The London Shakespeare Centre at Kings College London (KCL) has launched a new website: www.shakespeare.kcl.ac.uk. The handsome site features regular news about Shakespeare-related events, seminars, publications and productions. The Centre promotes research and teaching in the area of Shakespeare and Early Modern Studies, building on KCL’s central London location and its links with the education programmes at Shakespeare’s Globe and the British Library.

A plaque to commemorate JOHN HEATHSTUBBS was unveiled on 27 October 2010 at the poet’s former residence at 22 Artesian Road, London W2 5AR (near Westbourne Grove). Organised by the indefatigable poet, editor and Greville Press publisher Anthony Astbury, the unveiling featured readings by Heath-Stubbs’s friends and contemporaries Oliver Bernard, Dinah Livingstone, Alan Brownjohn, Eddie Linden and others. In his address, coorganiser Bernard Saint praised the poet, who died in 2006 aged 88, for his ‘knowledge, grace, high technique, vivid independence of mind and compassionate spirit’. He went on to say: ‘In modern literature many figures are lauded and respected. Fewer are those both lauded and loved – as they live, and beyond their death.’ Even in his later years Heath-Stubbs, who was nearly blind from boyhood, was regularly to be spotted happily cudgelling his way between his Bayswater flat and the Coach and Horses pub in Soho. The plaque, which honours the poet’s long and influential life and work in the borough, was made possible by private donations. A surfeit contribution of over £1000 was donated to the Modern Literary Archive at the John Rylands University Library in Manchester, where Heath-Stubbs’s papers are held.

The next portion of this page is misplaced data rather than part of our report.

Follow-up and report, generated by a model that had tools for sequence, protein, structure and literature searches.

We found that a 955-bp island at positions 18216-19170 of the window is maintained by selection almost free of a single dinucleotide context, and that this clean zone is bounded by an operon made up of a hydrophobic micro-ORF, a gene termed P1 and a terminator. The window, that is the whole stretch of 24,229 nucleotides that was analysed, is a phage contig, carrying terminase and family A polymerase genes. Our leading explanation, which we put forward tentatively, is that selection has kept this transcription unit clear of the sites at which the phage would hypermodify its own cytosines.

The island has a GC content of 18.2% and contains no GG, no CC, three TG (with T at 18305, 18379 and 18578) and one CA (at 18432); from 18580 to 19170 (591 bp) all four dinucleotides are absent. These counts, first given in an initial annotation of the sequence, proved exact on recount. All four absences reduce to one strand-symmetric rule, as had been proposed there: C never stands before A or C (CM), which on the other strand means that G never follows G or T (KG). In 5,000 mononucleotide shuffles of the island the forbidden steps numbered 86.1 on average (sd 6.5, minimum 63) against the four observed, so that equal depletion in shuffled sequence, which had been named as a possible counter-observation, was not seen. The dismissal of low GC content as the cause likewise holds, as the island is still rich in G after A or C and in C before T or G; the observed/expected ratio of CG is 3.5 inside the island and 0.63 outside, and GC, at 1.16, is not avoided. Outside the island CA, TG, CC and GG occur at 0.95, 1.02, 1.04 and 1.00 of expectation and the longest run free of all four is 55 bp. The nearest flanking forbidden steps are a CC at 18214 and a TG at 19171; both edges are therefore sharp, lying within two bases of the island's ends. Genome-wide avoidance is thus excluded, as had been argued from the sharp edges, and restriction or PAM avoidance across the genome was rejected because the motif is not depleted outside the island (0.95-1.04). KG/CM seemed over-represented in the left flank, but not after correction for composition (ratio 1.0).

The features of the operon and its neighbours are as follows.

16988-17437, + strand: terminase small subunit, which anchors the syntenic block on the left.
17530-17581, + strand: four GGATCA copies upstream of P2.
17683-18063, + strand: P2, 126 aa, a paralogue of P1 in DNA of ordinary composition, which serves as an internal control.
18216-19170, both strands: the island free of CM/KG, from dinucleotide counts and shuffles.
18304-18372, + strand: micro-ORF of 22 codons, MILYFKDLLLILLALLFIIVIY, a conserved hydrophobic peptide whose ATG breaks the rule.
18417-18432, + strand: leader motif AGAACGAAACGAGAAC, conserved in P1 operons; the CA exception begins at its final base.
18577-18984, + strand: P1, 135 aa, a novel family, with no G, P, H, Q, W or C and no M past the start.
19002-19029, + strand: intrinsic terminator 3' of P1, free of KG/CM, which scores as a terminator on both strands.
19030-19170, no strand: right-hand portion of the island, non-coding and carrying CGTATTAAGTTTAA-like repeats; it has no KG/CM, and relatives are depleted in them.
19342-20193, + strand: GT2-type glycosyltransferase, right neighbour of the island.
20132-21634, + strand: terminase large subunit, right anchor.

VIOLA FISCHEROVA, known as the First Lady of Czech poetry, died in Prague at the age of 75. Born in 1935 in Brno, she studied Polish and Czech in Brno and at Prague’s Charles University. Fischerova emigrated to Switzerland in 1968 and after the death of her first husband, the writer Pavel Buksa (pseudonym: Karel Michal), moved to Germany, where she worked for Radio Free Europe. Having had her first book rejected by communist publishers in 1957, Fischerova did not publish until after the fall of the regime in 1993. She returned to the Czech Republic in 1994, having spent almost thirty years in exile. Her poems have been widely translated and published in anthologies. The deaths of her husbands and her experience of living under communism inform them. She received literary awards at home and abroad, including the F. E. Dresdener Prize, 2006. Her Selected Poetry was published in Poland (2006) and Spain (2007); she was also the author of several books for children.

The controversial Romanian poet ADRIAN PAUNESCU has died in Bucharest. A full obituary will appear in the next issue of PNR.

This item is taken from PN Review 197, Volume 37 Number 3, January - February 2011.



Readers are asked to send a note of any misprints or mistakes that they spot in this item to editor@pnreview.co.uk